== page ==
Thursday, November 7, 2013

ah, well.

{lettering by Torrie T. Asai}

Jordan's on the couch sleeping, exhausted, I'm sure, from pulling our family's weight this past week. 

As it turns out, there are a few occasions when being married to an attorney is extremely helpful. One? When putting down an offer on a home. Also? When buying a business. We happen to be doing both of those things. At the same time. 

Two weekends ago, after mutually agreeing to wait until January to buy a home in Thomasville, I found a home there I loved. It was small, but it had a front porch and a backyard meant for a hammock. The appliances were new, but the character was old (1898!) and the walls were almost the exact same color I've painted the walls of every rental home we've ever lived in. It was surrounded with other well-cared-for homes, just a short walk away from a school and a park. It was well within our budget, and it just felt meant to be. 

Often in my life, I plan for something, and inevitably, the rug gets pulled out from under me. The plan changes, and I'm left with my head spinning. We had decided to wait until January, so it made perfect sense that we'd find a home we loved now, with October barely out the door. 

So we put in an offer on Monday. We put in an offer, and this town -- this tiny town where most of the homes we've looked at are still on the market, months later -- surprised us. The house we loved, a house that had only been on the market for a few days, had caught the eyes of a potential renter. We assumed there wouldn't be much competition there. Buyer > renter, right? (And I say that, obviously, as a renter.) What we didn't really count on was the potential renter hearing about our offer, and putting up an offer of their own. 

This week, then, we entered into a bidding war on our first home. Everything happened so fast, and I admit: Monday night, when we prayed together over our first offer (ever!), I prayed for easy. Gosh, I just wanted easy. So much in our lives right now is hard, and I just thought, you know? I'm going to pray for easy. I'm going to pray for smooth sailing, for peace and calm and a process we could both smile our way through. I've heard the horror stories, the home-buying nightmares, and I specifically prayed for none of that, thank you

But then the bidding war happened, and today, while training a new employee at work, I got the call that our second offer had been rejected. The owner of the home chose the renter-turned-buyer's offer. 

We lost. 

(And I guess, in a way, it was easy.)

It's okay. I really did love that house. I really had imagined a hammock in the backyard and my dishes in the cabinets and our couch in the living room and a bright blue front door. I had pictured parties and house guests and finally, finally getting to sit on my own front porch swing. 

But it wasn't meant to be. And I told myself, as we waited by our phones and tweaked offer after offer, that it would be okay. If we didn't get this house, another, better-for-us house would come along. And I want you to know: I know that's true. I firmly believe it. 

That doesn't mean I have to be happy about it. Not yet. 

I think it's okay, realistic even, for me to be a little heartbroken. And yes, even a little bitter. The whole process seems horribly unfair; two comparable offers, and the first offer presented ought to win, don't you think? Plus, we've watched friends and family members buy houses without breaking a sweat; why, oh why, couldn't that have been us?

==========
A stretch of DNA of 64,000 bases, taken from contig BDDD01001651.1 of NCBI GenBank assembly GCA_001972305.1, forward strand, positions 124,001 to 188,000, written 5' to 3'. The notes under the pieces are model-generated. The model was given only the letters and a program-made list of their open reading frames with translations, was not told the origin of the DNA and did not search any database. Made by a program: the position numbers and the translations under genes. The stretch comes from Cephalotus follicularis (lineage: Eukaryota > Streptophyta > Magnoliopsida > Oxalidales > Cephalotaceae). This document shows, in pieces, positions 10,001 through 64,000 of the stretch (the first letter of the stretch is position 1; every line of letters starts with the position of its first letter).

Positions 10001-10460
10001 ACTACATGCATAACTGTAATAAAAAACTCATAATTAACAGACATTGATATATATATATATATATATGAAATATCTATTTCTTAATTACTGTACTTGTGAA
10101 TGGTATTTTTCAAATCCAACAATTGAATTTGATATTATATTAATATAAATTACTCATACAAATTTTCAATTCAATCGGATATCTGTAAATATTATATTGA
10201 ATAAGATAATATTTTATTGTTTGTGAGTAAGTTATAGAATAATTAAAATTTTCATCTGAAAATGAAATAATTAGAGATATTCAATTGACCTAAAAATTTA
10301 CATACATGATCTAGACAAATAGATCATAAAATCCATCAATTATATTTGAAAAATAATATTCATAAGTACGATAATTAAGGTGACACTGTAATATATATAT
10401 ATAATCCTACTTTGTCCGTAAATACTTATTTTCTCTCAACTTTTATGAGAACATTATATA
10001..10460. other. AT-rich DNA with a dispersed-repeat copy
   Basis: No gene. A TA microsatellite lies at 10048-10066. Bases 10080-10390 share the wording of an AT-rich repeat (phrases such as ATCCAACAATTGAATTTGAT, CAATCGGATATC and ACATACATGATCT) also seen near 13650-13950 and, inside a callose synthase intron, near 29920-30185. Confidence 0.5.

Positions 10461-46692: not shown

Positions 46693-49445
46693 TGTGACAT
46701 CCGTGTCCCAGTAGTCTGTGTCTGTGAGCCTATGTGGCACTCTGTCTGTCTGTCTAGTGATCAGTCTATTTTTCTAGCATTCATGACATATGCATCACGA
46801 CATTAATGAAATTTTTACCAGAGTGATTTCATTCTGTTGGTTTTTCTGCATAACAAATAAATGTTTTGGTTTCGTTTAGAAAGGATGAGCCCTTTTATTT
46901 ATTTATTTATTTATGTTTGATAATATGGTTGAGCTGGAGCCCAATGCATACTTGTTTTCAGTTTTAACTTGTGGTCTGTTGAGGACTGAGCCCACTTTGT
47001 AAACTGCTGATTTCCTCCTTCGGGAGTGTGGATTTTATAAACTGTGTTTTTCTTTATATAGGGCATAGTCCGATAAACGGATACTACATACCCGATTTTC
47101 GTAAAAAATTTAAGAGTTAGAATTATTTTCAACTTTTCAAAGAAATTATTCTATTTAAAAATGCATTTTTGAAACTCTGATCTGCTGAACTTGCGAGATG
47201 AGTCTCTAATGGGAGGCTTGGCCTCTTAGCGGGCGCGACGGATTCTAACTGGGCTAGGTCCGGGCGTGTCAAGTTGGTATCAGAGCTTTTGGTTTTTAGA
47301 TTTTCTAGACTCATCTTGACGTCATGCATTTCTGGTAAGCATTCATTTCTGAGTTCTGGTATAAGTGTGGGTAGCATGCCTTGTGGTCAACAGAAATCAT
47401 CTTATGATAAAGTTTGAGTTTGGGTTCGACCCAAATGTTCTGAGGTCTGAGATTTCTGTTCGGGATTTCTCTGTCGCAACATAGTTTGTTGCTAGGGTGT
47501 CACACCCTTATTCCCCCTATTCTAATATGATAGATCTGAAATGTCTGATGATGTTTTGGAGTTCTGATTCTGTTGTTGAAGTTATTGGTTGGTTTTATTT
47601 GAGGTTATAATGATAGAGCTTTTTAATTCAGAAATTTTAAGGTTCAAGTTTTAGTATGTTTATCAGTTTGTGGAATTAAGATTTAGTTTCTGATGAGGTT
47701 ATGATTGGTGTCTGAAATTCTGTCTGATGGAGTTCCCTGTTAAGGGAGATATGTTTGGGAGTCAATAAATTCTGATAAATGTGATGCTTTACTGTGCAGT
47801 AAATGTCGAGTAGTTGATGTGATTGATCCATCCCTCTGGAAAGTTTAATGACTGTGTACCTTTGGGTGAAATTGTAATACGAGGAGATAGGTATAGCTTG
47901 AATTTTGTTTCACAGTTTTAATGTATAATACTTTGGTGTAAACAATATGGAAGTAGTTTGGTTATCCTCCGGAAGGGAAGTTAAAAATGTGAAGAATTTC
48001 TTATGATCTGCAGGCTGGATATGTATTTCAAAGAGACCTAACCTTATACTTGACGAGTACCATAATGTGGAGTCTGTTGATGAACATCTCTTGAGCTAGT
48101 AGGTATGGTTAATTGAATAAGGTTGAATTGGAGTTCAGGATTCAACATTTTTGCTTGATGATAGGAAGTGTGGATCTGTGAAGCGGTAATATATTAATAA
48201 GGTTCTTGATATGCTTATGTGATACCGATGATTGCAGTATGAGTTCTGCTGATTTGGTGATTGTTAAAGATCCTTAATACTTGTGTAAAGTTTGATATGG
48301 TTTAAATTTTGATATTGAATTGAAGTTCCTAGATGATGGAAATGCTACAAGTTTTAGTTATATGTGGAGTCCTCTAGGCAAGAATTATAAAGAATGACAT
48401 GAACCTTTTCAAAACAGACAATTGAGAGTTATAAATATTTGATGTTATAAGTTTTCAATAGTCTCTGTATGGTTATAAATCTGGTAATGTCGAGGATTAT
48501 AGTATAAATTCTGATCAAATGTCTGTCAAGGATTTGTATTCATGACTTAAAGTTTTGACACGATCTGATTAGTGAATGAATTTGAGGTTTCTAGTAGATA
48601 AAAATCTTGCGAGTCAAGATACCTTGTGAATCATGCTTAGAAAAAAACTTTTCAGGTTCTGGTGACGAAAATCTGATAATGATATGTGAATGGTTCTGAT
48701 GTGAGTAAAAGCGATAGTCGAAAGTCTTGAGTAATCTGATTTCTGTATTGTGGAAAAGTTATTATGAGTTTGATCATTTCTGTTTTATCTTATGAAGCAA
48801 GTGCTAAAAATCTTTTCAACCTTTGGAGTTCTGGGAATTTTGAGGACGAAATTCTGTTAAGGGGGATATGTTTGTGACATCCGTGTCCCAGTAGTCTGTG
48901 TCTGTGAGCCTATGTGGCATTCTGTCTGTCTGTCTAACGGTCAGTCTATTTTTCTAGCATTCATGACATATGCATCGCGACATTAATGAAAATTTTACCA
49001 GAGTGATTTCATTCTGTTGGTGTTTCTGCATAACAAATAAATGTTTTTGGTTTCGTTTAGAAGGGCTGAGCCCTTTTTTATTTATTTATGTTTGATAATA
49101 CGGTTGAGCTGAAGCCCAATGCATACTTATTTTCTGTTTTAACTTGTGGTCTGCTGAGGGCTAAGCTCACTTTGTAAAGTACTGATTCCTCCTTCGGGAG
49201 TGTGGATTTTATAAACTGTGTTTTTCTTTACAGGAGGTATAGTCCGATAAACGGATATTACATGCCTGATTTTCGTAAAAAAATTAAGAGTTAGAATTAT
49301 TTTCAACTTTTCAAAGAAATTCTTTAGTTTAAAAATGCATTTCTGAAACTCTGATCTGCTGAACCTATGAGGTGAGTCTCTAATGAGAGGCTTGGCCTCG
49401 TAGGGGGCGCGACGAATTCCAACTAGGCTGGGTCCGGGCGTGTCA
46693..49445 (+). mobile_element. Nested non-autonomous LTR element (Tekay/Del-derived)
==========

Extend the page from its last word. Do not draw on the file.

So tonight I'm a little sad. But curled up in my little gray chair, in my rental cottage I have poured a lot of time and effort into, I'm okay. We'll get one last Christmas here now, I think. We'll host my family's annual Christmas Eve brunch. I might get brave and host a Friends-giving for some people I love. I'll hang up some bunting, light candles, read a few more books. I will enjoy where I am, because where I am is lovely and above all... it's where I am. To not love it, to not enjoy it, would be a tragic waste. 

We're okay. It's been a long week, and we're tired. Jordan still has our business contract to look over, and I've got a difficult decision looming, and I know it's been a lot for us. We've tried pretty hard to be grown-ups this week, and I think we've done a darn fine job. 

I was thinking on my commute home today how nice it would be to win one. What I forgot, I think, is that we learn so much more from the losses. And yes, 2013 has been, in my estimation, hard. But gosh. I can't think of another time in my life when I've done this much growing, this much stretching. And I'd wager that's a good thing, even if it's a little bit painful. 

So here's to the losses. We've had a few lately, but I think it's making us better. 


Annie said...

My heart is breaking for you that you lost this house. But this is such a poignant tribute to what we learn when life doesn't go our way. 2012-2013 has been what I call the Nineveh stage; I've gotten approximately none of what I want, but I wouldn't change the journey, not at all. And I'm looking excitedly, and hope you are too, at what 2014 hints at bringing to us.

Erin said...

We've been going through some stuff lately and I said out loud the other day "why does everything have to be a journey? can't some things just be easy?"

Laura said...

I'm so sorry about the house, that is definitely frustrating with everything else going crazy in your life. You are right - you WILL find a great house, one that will fit you guys even better than that one. I like what you said about growing through losses. It's not fun, but to look back and see that growth? That sure is something.

Sabrina said...

You have grown Annie, I can read it in each post. I can't wait until the right house is ready for ya'll at the right time:)

Betsy said...

Oh I'm sorry! House hunting can be so hard. I know you'll find something great that will be right for you at this time!